Step 4 - As you near the edges of the light you will inevitably create some folds or "fingers" in the material as it bunches up. If you attempt to squeegee these down by "chopping them" you will create wrinkles in the film that will need to be healed out. The correct method to remove these is to lift the film slightly past them and wider than the area... then heat and apply just enough stretch to smooth the area out. Squeegee this down. If you apply heat after this and the fingers re appear the vinyl is overstretched... pull it back up further and try again until you get all of the faces of the lens applied
Sit the tint on the light with the paper still on to help get an accurate first contact.
Remove the backing paper with the film facing down to keep the adhesive clean.
This light is mostly flat, so I make first contact with the light near the center.
Pull firmly toward the side of the car to smooth out the film over the face of the light and apply it over as much of the face as possible.
The film is smooth on a majority of the face but has yet to be applied to the top edge that is more angled to the trunk of the car.
Lift the film up and apply the film to the edge of the light until the tension lines are more even.
Lift the film away from the light near the trunk and use the same technique. Pull tension and apply the film on all remaining faces until all that's left is cleaning up the edges.
Detailing and finishing the install
LightWrap gives you the ability to wrap deep into gaps making a light look as if it was tinted from the factory. Achieving a seamless finish really only requires patience and attention to detail and a sharp blade. Edges that are not properly tucked and sealed can be a cause of failure in the future, but following these steps will ensure this doesn't happen.
Step 1 - Gently heat the material in the edge so that it relaxes and releases whatever tension it has. Make sure no fingers are visibly reaching onto the face of the light and if they are lift and reapply there distributing the tension better. Apply the vinyl across the body gap smoothly and run your finger across it. This will give you a nice surface to cut.
Step 2 - Cut the vinyl in the gap running the blade on the side of the gap away from the light if possible. You will not cut the paint if you hold the blade correctly running it along the body panel and not on the body panel. If you have to cut on a light or panel break away a blade for the sharpest knife and just run it along the film scoring it, and then tear it sharply for a clean edge.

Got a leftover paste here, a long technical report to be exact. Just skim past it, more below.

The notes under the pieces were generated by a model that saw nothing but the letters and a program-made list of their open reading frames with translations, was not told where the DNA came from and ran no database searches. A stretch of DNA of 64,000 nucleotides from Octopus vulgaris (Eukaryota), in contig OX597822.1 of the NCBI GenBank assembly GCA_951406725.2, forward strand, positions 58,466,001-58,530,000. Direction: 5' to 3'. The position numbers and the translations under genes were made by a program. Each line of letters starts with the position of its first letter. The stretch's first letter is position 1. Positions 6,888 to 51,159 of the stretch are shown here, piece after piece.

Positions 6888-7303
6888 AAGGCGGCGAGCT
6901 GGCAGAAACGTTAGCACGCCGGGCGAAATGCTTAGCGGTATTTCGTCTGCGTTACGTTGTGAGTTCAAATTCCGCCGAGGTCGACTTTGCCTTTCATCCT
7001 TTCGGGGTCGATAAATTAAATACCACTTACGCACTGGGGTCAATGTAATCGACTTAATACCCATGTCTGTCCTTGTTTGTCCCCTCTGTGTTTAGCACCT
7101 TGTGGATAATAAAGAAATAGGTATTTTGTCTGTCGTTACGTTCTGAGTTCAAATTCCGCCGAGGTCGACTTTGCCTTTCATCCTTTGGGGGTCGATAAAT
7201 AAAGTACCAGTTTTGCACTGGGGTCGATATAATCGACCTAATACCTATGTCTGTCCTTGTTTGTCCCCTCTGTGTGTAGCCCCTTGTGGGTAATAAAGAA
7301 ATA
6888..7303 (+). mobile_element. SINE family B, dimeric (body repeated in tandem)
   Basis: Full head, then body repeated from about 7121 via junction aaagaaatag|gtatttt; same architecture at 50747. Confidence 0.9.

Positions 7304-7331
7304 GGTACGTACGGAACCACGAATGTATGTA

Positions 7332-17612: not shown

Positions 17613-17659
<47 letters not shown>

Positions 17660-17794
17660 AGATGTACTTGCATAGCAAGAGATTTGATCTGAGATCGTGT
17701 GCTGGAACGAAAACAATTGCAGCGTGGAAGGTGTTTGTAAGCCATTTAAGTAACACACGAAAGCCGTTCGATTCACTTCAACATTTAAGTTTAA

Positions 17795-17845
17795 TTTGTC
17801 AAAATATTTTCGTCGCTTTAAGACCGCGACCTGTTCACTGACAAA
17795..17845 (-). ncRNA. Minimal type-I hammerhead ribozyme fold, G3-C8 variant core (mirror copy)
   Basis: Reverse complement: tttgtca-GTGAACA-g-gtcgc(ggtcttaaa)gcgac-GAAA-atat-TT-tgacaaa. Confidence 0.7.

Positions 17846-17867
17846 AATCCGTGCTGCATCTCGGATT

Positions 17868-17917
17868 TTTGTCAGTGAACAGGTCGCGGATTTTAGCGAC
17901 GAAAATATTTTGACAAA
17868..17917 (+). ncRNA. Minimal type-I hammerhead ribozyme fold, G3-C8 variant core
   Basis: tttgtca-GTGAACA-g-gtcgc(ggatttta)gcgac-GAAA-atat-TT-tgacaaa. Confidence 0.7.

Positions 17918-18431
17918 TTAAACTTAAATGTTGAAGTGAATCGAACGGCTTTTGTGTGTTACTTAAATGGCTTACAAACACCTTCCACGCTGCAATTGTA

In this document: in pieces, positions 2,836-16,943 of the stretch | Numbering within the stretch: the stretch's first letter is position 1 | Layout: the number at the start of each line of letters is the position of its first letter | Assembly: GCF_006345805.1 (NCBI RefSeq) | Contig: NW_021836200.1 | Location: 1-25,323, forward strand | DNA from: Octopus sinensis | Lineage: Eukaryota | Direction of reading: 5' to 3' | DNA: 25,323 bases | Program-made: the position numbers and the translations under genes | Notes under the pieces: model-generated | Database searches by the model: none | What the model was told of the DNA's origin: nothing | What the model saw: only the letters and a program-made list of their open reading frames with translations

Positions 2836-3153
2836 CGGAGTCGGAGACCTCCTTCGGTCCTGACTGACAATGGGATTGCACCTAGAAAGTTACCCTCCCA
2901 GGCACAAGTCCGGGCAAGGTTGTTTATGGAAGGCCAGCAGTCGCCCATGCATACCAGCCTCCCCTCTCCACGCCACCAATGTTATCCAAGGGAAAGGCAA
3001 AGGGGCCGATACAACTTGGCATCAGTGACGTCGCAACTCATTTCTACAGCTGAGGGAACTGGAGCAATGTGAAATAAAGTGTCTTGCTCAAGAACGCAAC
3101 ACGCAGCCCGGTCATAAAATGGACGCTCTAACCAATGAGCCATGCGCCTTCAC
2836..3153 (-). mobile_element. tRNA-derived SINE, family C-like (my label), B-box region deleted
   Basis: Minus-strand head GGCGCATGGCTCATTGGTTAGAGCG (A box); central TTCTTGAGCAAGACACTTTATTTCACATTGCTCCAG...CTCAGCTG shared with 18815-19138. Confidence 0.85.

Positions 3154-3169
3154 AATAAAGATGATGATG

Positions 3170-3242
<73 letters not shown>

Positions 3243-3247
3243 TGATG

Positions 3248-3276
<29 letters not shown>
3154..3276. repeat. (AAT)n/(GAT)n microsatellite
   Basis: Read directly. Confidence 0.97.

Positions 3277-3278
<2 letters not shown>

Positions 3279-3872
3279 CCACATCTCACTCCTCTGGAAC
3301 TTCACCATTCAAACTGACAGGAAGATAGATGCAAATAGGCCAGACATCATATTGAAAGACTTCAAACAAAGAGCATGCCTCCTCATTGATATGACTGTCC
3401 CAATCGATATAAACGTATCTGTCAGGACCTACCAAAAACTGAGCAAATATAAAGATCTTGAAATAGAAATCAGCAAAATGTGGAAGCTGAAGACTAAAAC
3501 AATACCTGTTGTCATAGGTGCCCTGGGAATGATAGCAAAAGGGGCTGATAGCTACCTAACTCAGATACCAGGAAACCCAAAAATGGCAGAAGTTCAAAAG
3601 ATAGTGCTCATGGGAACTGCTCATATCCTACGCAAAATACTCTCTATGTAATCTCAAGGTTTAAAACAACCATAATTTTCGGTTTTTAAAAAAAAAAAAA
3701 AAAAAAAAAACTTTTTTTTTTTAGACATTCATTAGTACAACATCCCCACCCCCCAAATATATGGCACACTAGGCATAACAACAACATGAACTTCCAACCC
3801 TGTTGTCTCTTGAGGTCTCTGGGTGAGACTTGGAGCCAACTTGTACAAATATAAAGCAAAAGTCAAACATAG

Step 3 - Heat the edges and use your squeegee to apply them down with no flags or folds. Anywhere the vinyl is folded is a potential fail point later as moisture will be able to get in there. To seal an edge properly make sure you heat the film and press into place 90deg. One trick is to wrap the microfiber around the squeegee to apply more even pressure.
FINAL STEP - THE MOST IMPORTANT STEP is that you post heat your install. To ensure that the memory effect of the vinyl is released and the adhesive is set it is crucial that you get it to a temperature of 190F using a torch or heat gun. Once the wrap is applied use your heat gun on the highest setting and run it over areas that may have been stretched during install. Use the IR thermometer to ensure the proper temperature is set, and if you see any little bubbles prick them and remove the air with your finger. This is the most forgotten step and the most important step in the wrapping process.
Lift the film up from the edges and use heat and a squeegee to firmly apply LightWrap with as little tension as possible past the lens.
The bare edge of the squeegee works great for getting tight into gaps between panels.
Cut carefully. When possible cut near the opposite body panel so there's extra film to wrap into the gap. This will give you an OEM look. Hold your blade parallel to the body panel never perpendicular.
Pull the excess LightWrap off paying special attention to corners in case the cut isn't all the way through.
The last cut on this install was near the trunk. You can open the trunk if need be to get this edge very neat since you'll be able to see it.
Post heat the film over the entire surface of the light. Heat it to 195-200F. All blemishes on the faces should go away, and the film should not appear to move near the edges at all.
Here I'm using a little extra heat and pushing the vinyl in the gap around the reverse light after cutting it out. This can give you a great high contrast look.